• Confirmation of the child’s identity and immigration status;
  • Confirmation of the carer’s relationship with the child and immigration status;
  • Confirmation of the child’s health and education arrangements in this county.

This should be done in a way, which is as unthreatening to the child and carer as possible. The child/family may have documentation from their previous country such as benefit letter, ID cards, GP or hospital letters, letters from other Children’s Social Care services.

If this information indicates that the child has come from overseas and is being cared for by an unrelated adult or one whose relationship is uncertain, a referral to Children’s Social Care should be made.

Seeking information from abroad should be a routine part of assessing the situation of an unaccompanied child. In order to gain as full a picture as possible, practitioners from all key agencies - Health, Education, Children’s Social Care and the Police - should be prepared to request information from their equivalent agencies in the country(ies) in which a child has lived, having first consulted with the Red Cross to ensure it is safe to do so. It is necessary to be aware that parents and the wider family in the country of origin could be at risk of violent repercussions as a result of local schools, health services and police receiving information that a family has a child in the UK, particularly if they are claiming asylum.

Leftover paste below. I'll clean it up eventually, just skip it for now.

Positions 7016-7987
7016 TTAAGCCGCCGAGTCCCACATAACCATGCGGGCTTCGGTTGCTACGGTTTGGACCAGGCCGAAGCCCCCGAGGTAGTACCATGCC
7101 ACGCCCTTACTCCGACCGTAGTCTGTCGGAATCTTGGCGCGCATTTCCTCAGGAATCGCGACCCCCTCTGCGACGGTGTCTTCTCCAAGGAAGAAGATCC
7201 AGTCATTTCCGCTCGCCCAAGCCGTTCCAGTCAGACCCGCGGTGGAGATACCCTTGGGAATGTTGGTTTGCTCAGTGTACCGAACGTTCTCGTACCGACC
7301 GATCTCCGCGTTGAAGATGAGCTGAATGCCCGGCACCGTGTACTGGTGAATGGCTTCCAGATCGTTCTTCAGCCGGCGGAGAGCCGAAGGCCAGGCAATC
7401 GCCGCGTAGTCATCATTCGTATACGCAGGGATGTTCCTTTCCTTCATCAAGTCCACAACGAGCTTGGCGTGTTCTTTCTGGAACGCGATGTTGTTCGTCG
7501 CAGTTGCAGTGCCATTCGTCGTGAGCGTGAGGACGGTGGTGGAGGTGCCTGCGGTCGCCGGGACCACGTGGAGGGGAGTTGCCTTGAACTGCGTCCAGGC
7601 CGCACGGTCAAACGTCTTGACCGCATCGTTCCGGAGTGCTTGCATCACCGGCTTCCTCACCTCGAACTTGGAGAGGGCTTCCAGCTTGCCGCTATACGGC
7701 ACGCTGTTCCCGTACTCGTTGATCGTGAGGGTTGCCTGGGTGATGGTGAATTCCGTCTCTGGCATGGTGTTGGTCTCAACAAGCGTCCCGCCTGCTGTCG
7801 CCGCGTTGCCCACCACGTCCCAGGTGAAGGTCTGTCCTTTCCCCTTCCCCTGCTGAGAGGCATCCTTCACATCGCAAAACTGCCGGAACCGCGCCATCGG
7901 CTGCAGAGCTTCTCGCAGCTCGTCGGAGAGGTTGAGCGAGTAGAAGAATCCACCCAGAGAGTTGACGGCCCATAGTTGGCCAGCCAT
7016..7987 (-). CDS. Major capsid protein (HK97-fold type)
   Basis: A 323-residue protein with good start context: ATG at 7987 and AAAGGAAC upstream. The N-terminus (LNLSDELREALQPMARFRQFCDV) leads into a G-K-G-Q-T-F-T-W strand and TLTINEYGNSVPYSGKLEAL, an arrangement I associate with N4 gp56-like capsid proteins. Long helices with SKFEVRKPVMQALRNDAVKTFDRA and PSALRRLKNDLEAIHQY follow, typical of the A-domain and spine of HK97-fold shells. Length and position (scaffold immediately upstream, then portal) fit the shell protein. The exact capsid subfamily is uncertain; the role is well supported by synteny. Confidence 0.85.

It is worth noting that agencies abroad tend to respond quicker to e-mail requests/ faxed requests than by letter. Similarly, the Internet may provide a quick source of information to locate appropriate services abroad. Also see:

The first contact with the child and carers is crucial to the engagement with the family and the promotion of trust, which underpins future support, advice and services.

Particular sensitivities which may be present include:

  • Concerns Around Immigration Status
    • Fear of repatriation;
    • Anxiety raised by another practitioner asking similar questions to ones previously asked;
    • Lack of understanding of the separate role of Children’s Social Care, that it is not an extension of police;
    • Lack of understanding of why an assessment needs to be carried out;
    • Previous experience of being asked questions under threat or torture, or seeing that happen to someone else.
  • Past Trauma
    • Past experiences can impact upon the child’s mental and physical health. This experience can make concerns from the ‘authorities’ about minor injury or poor living conditions seem trivial and this mismatch may add to the fear and uncertainty;
    • The journey itself as well as the previous living situation may have been the source of trauma.
  • The Shock of Arrival
    • The alien culture, system and language can cause shock and uncertainty, and can affect mood, behaviour and presentation.